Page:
• Cut Back on Alcohol. Quantify how much alcohol you are drinking now. Decide what might be a realistic amount to cut back to. For example, if you typically go out on the weekend and drink six or eight beers, limiting yourself to two beers might be your goal. If needed, devise a step-by-step plan with action steps like “I will remove alcohol from the home” or “I will avoid situations where alcohol will be served.”Identify supportive people (or join a support group) that can help you keep your resolution.

Week of December 21, 2008

With the holidays approaching, try these tips to make your family celebrations more a little less worry free.

  • Plan ahead. Prepare anything ahead of time that you can. Spread the preparation over several days instead of just one.
  • On your run to the grocery store, buy extra rolls, frozen vegetables and a frozen pie just in case something goes wrong with one of your dishes. (yes, it can happen to anyone)
  • Clear your refrigerator a few days ahead to hold groceries and dishes cooked ahead of time.
  • According to the National Turkey Federation, allow one pound of uncooked turkey per person for an eight to 12 pound bird. For a larger turkey, 3/4 pound is sufficient. These guidelines allow leftovers for the after-holiday turkey sandwich.

    Frozen turkey should be thawed in the refrigerator. Whole turkeys thaw at a rate of four to five pounds per 24 hours.

    For speed thawing, keep the bird in the original packing and place in a clean, sanitized sink. Submerge in cold water and change the water every 30 minutes. Allow 30 minutes per pound for thawing.

    The best way to determine if a turkey is done is by using a meat thermometer. Cook the meat until the breast reaches 170 degrees Farenheit or the thigh reaches 180 degrees Farenheit.
  • When cooking something on the stove that might boil over, keep a large balloon whisk nearby to release the bubbles and lower the temperature of the overflowing liquid. This will alleviate any big messes while cooking.
  • Lastly, enjoy your holidays.

Week of December 14, 2008

Pinwheels are always an easy and fun appetizer for the holidays. I love the taste of roasted red peppers so the follow treat is one of my favorites. See if you don't agree.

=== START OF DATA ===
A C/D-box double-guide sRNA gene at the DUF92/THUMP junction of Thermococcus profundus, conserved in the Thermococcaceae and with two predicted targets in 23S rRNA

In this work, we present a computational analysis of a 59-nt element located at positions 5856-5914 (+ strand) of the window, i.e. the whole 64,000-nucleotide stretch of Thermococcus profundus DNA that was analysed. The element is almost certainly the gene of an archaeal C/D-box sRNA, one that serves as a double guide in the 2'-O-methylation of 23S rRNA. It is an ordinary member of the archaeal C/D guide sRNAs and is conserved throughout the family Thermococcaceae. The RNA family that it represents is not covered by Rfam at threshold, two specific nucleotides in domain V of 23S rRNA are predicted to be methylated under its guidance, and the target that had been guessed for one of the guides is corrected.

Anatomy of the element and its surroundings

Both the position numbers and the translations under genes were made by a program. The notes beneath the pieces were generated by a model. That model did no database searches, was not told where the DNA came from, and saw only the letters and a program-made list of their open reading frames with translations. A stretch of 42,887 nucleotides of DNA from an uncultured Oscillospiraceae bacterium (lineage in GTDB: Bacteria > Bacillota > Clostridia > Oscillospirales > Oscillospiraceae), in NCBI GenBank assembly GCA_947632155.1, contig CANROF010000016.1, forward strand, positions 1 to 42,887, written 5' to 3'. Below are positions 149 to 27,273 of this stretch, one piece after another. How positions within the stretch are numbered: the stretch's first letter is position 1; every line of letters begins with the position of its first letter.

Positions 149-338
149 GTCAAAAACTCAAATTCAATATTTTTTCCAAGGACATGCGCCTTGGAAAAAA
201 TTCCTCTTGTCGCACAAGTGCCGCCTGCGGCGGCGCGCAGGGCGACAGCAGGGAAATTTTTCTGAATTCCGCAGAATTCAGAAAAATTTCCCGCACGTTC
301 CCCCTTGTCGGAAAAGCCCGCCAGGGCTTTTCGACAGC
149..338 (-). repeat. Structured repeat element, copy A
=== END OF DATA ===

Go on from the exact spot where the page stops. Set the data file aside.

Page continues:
Roasted Red Pepper, Turkey and Scallion Pinwheel

4 large flour tortillas, assorted colors
1 (8-ounce) tub of fat free of low fat whipped cream cheese
6 roasted red peppers, sliced 1/3-inch thick
3/4 pound thinly sliced turkey breast
12 thin scallion greens

Thinly spread cream cheese on the tortilla. Top with a thin layer of red pepper strips, scallions and turkey, keeping the fillings a 1/2-inch from the edge of the tortilla.

Roll tightly, and press to seal. If it is not sealing, stick toothpicks in every inch along the border. Slice roll in to pieces 3/4-inch to 1-inch thick and serve.

Week of December 7, 2008

There is nothing like a hot spicy drink to get you in the mood for the holidays. If shopping has exhausted you, what better way to relax then a hot cup of wassail.

Wassail
Serves 36

2 1/4 cups granulated sugar
4 cups water
2 cinnamon sticks
1 slice fresh ginger root
4 cups orange juice
2 cups lemon juice
8 cups apple juice
8 whole allspice berries
1 tablespoon whole cloves

In a large saucepan, combine sugar and water. Boil for 5 minutes. Remove from heat, and add cinnamon sticks, allspice berries, cloves, and ginger. Cover and let stand in warm place for 1 hour.

Strain liquid into a large pot. Just before serving, add juices and cider and quickly bring to boil. Remove from heat and serve.

Per Serving: 78 Calories; trace Fat (2.0% calories from fat); trace Saturated Fat; trace Protein; 20g Carbohydrate; 1g Dietary Fiber; 0mg Cholesterol; 2mg Sodium. Exchanges: 0 Grain(Starch); 0 Vegetable; 1/2 Fruit; 0 Fat; 1 Other Carbohydrates.